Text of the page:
GRC platforms were a 27.8 billion dollar industry in 2020, according to Expert Market Research, who predict the market will reach 52.6 billion dollars in 2026, which represents an average yearly growth rate of 11.2% over the forecasting period.
The area of governance, risk and compliance refers to a structured approach used by businesses to address issues pertaining to corporate governance, enterprise risk management (ERM) and full compliance with regulatory requirements.
GRC platforms tend to cover a relatively broad scope, offering integrated risk management to teams handling security, governance, auditing, risk management and compliance.
“The main risks businesses face are IT and security risks, provider risks and corporate and operational risks. Businesses must be able to identify, assess, mitigate and monitor risks tied to their business as a whole”, declared Alain Ter Markossian, Senior Manager for Solutions Engineering France & SEMEA at OneTrust.
IT and provider risks
IT and computer security risks are included in all IT value chains. Provider risks pertain to the company’s partners, and fall under the Third Party Risk Management / TPRM category.
“A company setting up a coffeemaker in their cafeteria, which staff must connect to, or for which they use touch ID, is considered a third party risk. And in the present instance, this third party risk also includes the risk of sensitive data use,” points out Alain Ter Markossian.
In order to face these challenges, GRC platforms enable companies of all sizes to sync up their tools and digital infrastructure, to assess risk for all their operations and to automatically categorize them. Businesses can thus establish and implement their risk rating methods within a set framework, or use a custom approach.
As for provider risk management, GRC platforms make it easy to set up an exhaustive inventory of service providers and their associated framework, all the while streamlining contract management, with technology and services that automate assessments and manage the completion of pending supplier forms.
Operational and corporate risk management
However, one of the main issues GRC platforms face, in addition to IT, security and provider risk management, lies in including operational and corporate risks. “These risks pertain to the daily tactical tasks of businesses. If a company lets something slip through the cracks in terms of IT or provider risks, it is possible to quantify and characterize the market impact tied to these risks,” explains Alain Ter Markossian.
In terms of operational and corporate risk, GRC platforms make it possible to quantify the risk based on concrete statistics to assess the potential consequences to business operations, to communicate information on strategic business areas and to identify and index this information in order to make it easier to draft reports for management.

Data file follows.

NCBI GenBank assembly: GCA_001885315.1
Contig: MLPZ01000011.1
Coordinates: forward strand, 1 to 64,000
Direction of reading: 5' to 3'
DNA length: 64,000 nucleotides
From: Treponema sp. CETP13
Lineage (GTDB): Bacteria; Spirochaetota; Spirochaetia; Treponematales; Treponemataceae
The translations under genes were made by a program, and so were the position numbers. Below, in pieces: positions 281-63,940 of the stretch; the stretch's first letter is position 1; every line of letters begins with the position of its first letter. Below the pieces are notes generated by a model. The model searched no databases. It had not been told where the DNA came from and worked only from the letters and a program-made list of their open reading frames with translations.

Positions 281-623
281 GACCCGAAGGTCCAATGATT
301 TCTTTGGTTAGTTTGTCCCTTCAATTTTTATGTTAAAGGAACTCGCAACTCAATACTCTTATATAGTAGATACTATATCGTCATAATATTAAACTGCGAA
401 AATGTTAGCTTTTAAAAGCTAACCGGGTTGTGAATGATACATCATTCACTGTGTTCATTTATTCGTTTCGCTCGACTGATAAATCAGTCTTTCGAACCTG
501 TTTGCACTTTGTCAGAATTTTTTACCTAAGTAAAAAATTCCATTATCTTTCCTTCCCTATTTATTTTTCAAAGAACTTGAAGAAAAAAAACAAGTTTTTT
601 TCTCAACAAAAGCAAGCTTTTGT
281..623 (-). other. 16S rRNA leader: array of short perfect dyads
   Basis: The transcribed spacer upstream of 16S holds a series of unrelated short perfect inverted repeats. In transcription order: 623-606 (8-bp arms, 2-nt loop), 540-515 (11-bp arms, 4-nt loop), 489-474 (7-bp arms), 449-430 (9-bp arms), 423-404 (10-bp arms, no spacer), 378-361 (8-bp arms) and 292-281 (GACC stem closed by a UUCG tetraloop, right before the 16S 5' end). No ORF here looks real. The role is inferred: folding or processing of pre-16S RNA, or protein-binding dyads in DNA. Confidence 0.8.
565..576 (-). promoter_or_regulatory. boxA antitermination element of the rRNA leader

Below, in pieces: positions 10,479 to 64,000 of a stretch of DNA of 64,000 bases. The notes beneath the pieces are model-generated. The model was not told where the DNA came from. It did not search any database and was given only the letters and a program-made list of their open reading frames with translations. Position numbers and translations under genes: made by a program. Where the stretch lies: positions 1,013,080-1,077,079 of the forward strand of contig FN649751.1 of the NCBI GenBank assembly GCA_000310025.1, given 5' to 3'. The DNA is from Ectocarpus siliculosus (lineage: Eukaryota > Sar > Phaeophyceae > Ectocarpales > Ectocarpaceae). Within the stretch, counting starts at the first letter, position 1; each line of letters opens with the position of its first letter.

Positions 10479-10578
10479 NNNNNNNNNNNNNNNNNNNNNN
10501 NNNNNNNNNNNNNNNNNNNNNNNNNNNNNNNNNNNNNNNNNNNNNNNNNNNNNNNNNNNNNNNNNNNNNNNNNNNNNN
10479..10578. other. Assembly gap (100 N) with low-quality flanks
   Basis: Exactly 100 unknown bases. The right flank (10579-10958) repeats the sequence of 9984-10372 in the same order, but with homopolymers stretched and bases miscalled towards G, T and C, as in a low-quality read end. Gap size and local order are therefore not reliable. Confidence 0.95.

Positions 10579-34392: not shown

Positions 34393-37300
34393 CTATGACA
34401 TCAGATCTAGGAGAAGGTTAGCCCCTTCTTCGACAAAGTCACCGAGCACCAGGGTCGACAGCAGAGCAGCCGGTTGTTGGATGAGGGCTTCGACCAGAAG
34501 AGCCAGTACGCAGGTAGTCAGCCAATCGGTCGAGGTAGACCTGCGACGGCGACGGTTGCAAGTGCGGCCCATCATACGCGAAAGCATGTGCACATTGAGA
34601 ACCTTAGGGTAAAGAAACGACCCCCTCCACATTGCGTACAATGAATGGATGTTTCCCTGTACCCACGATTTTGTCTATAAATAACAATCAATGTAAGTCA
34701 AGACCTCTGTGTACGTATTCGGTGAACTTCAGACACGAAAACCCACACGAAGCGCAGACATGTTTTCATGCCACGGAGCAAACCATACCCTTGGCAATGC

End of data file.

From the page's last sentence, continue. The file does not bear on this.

A scope that extends to fault management
How far do governance, risk and compliance solutions go? In answering this question, it is surprising to find that a GRC platform can also cover fault management and react to any kind of breach, whether IT or otherwise.
“This is where we are a force to be reckoned with. For example, in regard to fault management, you have to know how to react in case of a data breach and how to mitigate losses. If the staff’s personal data is stolen, we must be able to interact on the fact that it was an IT risk, and strengthen the protection of personal data,” remarks Alain Ter Markossian.
In order to ensure efficient fault management, GRC solutions allow businesses to contain faults and respond to data breaches to prevent and mitigate losses. They also enable them to extend incident reporting through a self-service portal available to people inside and outside the company, and to process and sort issues according to a set workflow, while collaborating with interested parties.
“When onboarding a new provider to set up a new app in airports, one of our clients, who specializes in solutions for the distribution and sale of travel services, will first deal with provider risk management. Once the provider is “integrated”, they look at the IT risk he represents. Finally, if the tool this provider is offering uses personal data, management of said data and faults must be monitored in case this app one day ‘breaks’,” explains Alain Ter Markossian.
As we can see, governance, risk and compliance platforms cover a very wide range of features. “Within companies, CISOs are responsible for managing all threats related to IT, providers or anything tied to cybernetics. They must therefore be equipped with the right tools to protect themselves, as all companies are concerned,” concludes Alain Ter Markossian.